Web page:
Google is killing Google Job Ads before it went live?
6 min read

Google is killing Google Job Ads before it went live?

Google is killing Google Job Ads before it went live?

Google is killing Google Job Ads even before it went live?  

This is how it started:

Tom Chevalier breaking the Google Job Ads news on Linkedin 11 months ago

This is how it ended. 

Recruitics breaking the news on Google Job Ads being killed

It started on Linkedin, and it ended on Linkedin. There are no official release documents besides a leaked deck; Google Job Ads have been killed. 

This is not the first time killing a product in recruiting. Do you remember Hire by Google? It was dead just a few years back in 2020. 

Hire by Google being killed

The job matching product has not been killed yet, but there is no more marketing, and probably 2 to 3 people worldwide are still using it. 

I want to share a few thoughts on what is happening. 

Also, I highly recommend reading the Linkedin discussion after the announcement went out on Friday:

Alexander Chukovski on LinkedIn: I felt like crying when I read this. Google Job Ads would have improved… | 26 comments
I felt like crying when I read this. Google Job Ads would have improved online recruiting so much. Anyway, much confusing stuff is happening here - we got a… | 26 comments on LinkedIn

What problems did Google Job Ads solve in recruitment marketing? 

First, it saddens me that this product will not see the light of day (yet). Having a genuine, programmatic job advertising product is essential for our industry. Let’s not kid ourselves; our online recruiting infrastructure today has nothing to do with real programmatic advertising.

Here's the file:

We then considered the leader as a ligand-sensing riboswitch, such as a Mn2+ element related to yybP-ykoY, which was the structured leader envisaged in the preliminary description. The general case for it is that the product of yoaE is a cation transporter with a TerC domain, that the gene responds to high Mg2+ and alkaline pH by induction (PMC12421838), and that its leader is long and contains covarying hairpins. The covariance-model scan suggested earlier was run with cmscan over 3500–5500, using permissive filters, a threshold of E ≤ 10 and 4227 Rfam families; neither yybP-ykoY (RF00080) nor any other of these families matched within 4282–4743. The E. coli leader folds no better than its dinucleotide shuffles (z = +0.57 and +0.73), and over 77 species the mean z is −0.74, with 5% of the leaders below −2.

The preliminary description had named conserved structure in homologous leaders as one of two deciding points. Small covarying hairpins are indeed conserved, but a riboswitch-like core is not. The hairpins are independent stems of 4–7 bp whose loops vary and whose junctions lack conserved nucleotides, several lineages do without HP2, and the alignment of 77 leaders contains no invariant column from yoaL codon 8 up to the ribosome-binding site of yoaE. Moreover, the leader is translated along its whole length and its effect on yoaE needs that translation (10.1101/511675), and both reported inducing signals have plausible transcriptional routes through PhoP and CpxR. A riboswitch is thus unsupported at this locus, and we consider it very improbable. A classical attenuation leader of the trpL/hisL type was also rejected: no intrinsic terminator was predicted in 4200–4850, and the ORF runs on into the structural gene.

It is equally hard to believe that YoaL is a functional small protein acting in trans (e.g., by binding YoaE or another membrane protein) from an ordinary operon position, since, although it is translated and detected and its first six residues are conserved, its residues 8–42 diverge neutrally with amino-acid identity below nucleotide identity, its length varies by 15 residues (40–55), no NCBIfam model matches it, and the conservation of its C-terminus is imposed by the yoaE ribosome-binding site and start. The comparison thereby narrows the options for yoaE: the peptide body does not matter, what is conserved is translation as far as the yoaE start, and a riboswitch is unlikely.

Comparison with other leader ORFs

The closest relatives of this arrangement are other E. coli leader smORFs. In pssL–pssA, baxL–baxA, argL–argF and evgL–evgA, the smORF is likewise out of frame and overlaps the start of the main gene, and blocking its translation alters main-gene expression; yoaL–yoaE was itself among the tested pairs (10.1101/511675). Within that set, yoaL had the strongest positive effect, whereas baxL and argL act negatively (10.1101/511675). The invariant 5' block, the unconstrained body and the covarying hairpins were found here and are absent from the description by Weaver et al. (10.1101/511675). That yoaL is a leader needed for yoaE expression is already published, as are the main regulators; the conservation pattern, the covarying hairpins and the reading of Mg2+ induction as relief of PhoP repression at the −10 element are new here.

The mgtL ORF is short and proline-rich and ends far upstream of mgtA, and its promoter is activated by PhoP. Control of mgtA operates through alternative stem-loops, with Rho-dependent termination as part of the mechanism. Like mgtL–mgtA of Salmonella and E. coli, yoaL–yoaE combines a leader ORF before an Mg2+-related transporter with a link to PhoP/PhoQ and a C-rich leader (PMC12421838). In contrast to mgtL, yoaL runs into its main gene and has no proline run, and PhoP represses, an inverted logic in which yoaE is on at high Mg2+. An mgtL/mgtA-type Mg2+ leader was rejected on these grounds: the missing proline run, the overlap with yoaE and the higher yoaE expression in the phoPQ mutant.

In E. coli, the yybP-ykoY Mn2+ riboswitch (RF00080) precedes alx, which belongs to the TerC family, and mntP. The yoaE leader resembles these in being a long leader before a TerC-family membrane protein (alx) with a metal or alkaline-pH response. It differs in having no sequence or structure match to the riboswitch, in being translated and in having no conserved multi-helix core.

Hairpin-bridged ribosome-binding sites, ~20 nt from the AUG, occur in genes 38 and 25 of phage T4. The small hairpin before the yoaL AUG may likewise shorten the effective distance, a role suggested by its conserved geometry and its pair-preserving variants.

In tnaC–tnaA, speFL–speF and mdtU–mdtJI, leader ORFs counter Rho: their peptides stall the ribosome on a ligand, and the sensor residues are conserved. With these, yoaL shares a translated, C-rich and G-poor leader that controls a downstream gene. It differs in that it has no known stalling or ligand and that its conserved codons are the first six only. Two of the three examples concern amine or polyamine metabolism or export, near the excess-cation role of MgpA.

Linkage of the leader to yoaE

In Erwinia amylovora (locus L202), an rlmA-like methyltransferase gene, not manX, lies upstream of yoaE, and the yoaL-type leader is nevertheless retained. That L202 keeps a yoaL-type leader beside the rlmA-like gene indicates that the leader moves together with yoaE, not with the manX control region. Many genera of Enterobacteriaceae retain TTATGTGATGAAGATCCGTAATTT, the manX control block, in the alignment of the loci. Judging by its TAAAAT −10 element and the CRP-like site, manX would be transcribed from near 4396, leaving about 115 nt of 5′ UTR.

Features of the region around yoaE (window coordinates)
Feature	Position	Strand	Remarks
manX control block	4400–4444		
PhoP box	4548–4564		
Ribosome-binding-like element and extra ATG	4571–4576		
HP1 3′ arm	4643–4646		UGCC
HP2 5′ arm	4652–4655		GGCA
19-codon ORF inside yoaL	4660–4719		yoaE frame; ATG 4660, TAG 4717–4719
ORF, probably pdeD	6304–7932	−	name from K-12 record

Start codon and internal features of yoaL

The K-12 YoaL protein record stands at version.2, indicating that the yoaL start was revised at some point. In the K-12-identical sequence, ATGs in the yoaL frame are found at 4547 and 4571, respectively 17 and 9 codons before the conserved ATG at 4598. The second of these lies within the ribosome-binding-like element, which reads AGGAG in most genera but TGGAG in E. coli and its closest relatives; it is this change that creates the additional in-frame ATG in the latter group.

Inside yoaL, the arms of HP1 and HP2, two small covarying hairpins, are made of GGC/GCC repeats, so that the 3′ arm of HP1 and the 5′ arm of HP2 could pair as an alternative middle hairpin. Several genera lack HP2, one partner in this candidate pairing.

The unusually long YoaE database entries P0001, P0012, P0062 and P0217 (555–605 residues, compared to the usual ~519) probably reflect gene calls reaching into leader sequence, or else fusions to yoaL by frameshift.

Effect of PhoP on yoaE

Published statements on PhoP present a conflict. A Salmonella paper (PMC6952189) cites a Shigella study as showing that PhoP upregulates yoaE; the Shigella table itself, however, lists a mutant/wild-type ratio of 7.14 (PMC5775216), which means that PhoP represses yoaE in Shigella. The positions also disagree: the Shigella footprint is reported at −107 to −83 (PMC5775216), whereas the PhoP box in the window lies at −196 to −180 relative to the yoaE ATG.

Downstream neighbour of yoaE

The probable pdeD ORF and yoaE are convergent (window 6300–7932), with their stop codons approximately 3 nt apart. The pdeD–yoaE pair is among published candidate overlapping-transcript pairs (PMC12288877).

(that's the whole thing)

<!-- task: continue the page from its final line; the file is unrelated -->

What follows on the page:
Besides a few aggregators and social media, our industry runs on XML feeds being updated once every 12-24 hours. Overspending and underspending is a constant problem; bidding offers almost no edges, and don’t get me started on the issue of trying to sponsor just a few jobs on large aggregators – it just does not work. 

So yeah, Google Job Ads would have solved all of these issues. 

What is the "official" reason for the cancellation of Google Job Ads?

The industry chatter is that the product is getting killed because it was too expensive and did not get enough traction. As we saw during the alpha, the UX of Google Job Ads was pretty bad. It is hard to believe that anyone wanted to click these, so I am willing to accept this partially. 

Google Job Ads during the alpha

I don’t buy the being expensive part, though. Google can offer whatever prices they want here, especially in the penetration phase.

What else could it be? Is Google firing the core team by mistake? Joke aside, I have a few hypotheses. 

So, here are my thoughts on why Google is killing Google Job Ads

First, a small Danish company operating a job board called filed a confusing lawsuit against Google after losing 16% of their revenue. They allege that Google is illegally scraping their job descriptions, potentially setting a new precedent for the industry.

Check out my Deep Dive on this topic:

A job board files a lawsuit against Google for copying … jobs.